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Madagascar: Images of Dry Tropical Habitat

Click on a thumbnail for a larger image. The thumbnails are arranged into 3 categories: Plants on this page, and Animals and People and Landscapes on another page.


1. 2. 3. 4.
1. Missouri Botanical Garden Student Sylvain Razafimandimbison with a large Pachypodium geayi, a bottle tree member of the Oleander Family (Apocynaceae) in the southwest.
2. Pachypodium brevicaule flowering in the central part of the island. Compare the habit of this species of Pachypodium with the one in the previous photo. They couldn't be more different: this one is a tiny tuber that barely reaches above ground level while the other is a massive tree!
3. Big Adansonia rubrostipa trees north of Tulear in the southwest.
4. Delonix decaryi (formerly known as D. adansonioides), a bottle tree in the Legume Family (Fabaceae) that grows in the dry southwest.
5. 6. 7. 8.
5. The triangular palm Neodypsis decaryi is perhaps more abundant in cultivation than it is in habitat in the southeast.
6. Erblichia sp. (Turneraceae) blooming in the Ankarana dry forest in the north.
7. A Dutchman's Pipe (Aristolochia sp. in the Aristolochiaceae) in the Mikea Forest on the west coast of the island.
8. A species of Butterfly Tree or Orchid Tree in the genus Bauhinia sp. (Fabaceae) in the Mikea Forest on the west coast of the island.
9. 10. 11. 12.
9. Gloriosa sp., a member of the Lily Family (Liliaceae)in the Mikea Forest on the west coast of the island.
10. A wild species of the persimmon genus (Diospyros in the Ebenaceae) in the Mikea Forest on the west coast of the island.
11. Madagascar is full of strange plants. The plant in the foreground is one of the coralliform Euphorbias that are so diverse on the island, so named because the odd branching of the stems reminded early botanists of corals.The tree in the background is Alluaudia comosa (Didieriaceae). Photographed near Tulear in the southwest.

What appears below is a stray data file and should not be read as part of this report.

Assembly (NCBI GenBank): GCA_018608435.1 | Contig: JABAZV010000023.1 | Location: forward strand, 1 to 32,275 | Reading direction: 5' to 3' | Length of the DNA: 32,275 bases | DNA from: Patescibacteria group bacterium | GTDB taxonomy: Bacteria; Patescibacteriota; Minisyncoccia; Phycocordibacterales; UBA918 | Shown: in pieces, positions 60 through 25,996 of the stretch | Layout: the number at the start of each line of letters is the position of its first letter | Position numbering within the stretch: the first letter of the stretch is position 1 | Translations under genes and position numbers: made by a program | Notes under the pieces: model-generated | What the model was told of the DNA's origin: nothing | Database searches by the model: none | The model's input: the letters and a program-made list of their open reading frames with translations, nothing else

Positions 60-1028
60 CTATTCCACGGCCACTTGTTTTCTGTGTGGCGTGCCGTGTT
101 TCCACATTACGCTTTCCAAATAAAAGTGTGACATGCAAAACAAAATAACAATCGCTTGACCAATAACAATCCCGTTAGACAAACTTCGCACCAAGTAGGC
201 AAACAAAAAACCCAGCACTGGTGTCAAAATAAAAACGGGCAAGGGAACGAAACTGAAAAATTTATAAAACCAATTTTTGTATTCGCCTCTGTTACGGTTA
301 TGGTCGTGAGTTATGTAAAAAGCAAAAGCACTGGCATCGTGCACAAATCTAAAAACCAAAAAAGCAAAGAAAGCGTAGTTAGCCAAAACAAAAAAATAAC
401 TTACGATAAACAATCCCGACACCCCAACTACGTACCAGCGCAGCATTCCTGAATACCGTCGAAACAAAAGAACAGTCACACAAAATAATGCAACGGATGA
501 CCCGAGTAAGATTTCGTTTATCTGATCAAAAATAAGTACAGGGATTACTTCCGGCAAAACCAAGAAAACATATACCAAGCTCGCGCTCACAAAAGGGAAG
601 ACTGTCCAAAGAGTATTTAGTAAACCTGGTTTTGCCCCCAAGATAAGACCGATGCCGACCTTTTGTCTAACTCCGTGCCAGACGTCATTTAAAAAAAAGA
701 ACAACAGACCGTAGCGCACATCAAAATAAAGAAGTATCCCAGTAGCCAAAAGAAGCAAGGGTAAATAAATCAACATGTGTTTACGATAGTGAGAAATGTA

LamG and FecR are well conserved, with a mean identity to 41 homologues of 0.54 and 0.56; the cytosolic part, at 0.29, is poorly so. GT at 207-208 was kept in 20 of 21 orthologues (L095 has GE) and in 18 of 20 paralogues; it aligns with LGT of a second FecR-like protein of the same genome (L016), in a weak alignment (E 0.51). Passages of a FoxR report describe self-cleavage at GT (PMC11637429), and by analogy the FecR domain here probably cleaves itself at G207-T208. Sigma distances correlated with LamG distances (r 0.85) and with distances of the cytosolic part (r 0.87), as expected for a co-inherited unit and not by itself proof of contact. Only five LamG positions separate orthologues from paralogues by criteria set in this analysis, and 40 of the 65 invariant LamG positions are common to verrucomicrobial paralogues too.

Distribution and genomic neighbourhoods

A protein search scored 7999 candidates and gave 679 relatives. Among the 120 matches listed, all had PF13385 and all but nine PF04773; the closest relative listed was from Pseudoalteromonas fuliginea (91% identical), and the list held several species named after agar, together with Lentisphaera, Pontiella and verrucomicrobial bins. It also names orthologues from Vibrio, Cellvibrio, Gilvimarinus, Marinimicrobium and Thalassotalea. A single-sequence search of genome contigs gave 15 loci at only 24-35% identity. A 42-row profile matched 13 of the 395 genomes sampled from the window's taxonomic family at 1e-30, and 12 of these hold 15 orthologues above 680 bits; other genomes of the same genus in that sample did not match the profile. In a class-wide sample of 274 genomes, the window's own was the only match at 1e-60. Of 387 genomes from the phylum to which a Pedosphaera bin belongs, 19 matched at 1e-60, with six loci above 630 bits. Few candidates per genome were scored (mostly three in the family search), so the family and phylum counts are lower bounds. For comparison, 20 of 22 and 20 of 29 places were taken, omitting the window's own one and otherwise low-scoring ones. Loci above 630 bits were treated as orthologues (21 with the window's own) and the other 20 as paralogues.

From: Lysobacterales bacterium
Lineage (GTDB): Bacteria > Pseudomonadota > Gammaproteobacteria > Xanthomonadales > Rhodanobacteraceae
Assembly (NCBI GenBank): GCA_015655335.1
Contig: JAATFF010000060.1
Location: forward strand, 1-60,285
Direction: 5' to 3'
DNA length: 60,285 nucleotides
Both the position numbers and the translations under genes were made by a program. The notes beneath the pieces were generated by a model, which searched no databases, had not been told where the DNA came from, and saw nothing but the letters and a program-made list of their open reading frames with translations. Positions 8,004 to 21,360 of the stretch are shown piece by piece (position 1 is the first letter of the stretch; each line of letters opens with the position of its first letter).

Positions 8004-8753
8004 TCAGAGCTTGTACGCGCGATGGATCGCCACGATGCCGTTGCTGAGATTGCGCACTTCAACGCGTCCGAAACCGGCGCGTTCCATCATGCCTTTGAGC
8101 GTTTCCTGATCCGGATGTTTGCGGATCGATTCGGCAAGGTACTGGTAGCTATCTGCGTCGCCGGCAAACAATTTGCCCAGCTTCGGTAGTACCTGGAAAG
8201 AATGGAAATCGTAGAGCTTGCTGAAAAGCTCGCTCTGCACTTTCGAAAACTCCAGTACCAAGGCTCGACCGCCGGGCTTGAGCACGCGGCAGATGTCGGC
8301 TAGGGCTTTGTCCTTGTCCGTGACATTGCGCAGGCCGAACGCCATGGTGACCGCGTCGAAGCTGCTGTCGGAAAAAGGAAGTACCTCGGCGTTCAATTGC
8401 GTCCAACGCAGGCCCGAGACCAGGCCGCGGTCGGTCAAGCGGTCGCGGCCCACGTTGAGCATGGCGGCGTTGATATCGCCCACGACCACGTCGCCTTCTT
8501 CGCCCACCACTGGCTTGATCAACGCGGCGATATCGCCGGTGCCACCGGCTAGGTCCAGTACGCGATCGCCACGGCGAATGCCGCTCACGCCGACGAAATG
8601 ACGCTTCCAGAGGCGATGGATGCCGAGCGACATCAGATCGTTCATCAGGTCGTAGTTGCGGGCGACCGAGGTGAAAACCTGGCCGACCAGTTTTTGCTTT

12. Alluaudia comosa near Tulear. This strange tree has branches that are very thick at the base and then taper almost immediately to fine, spiny branchlets. Tulear's landmark plateau La Table can be seen in the background.
13. 14. 15. 16.
13. Bismarckia palms on the plains in the Isalo area, in the southern central part of the island.
14. Flower of Phylloctenium, a prickly shrub in the Bignoniaceae family. This one was found in the Mikea Forest on the southern part of the west coast.
15. and 16. Flower and fruit of Grewia sp. (Tiliaceae), an important component of dry vegetation in Madagascar and other parts of the Old World. This was found in the Mikea Forest.
17. 18. 19. 20.
17. Earthstar fungus from the Mikea forest.
18. Flowers of a plant in the Malpighiaceae from the Mikea Forest.
19. The spiny branches of Azima tetracantha (Salvadoraceae), photographed on the west coast.
20. A low-growing tuberous Euphorbia growing among the quartz in southern central Madagascar.
21. 22. 23. 24.
21. Nepenthes madagascariensis (Nepenthaceae), a carnivorous pitcher plant, and the fern Gleichenia (Gleicheniaceae)growing in a seep in the southeast.
22. The fat-bellied bottle palm Dypsis decipiens growing in the central southern part of the island.
23. The dense inflorescence of the liana Combretum (Combretaceae) is borne directly on the trunk near the ground. This one was photographed in dry forest in the Ankarana Reserve in northern Madagascar.
24. Another view of Erblichia (Turneraceae) from Ankarana. Look at the brush- like stigmas!
25. The fruit of this Uncarina species from northern Madagascar is covered with very sharp miniature grappling hooks. Uncarina is in the Sesame Family (Pedaliaceae).

Please get in touch! molson@ibiologia.unam.mx
©1999 Mark E Olson, except the Images 3, 4, 13 which are © 1999 Sylvain G. Razafimandimbison, and Images 2, 20, 22 which are ©1999 Simon T. Malcomber.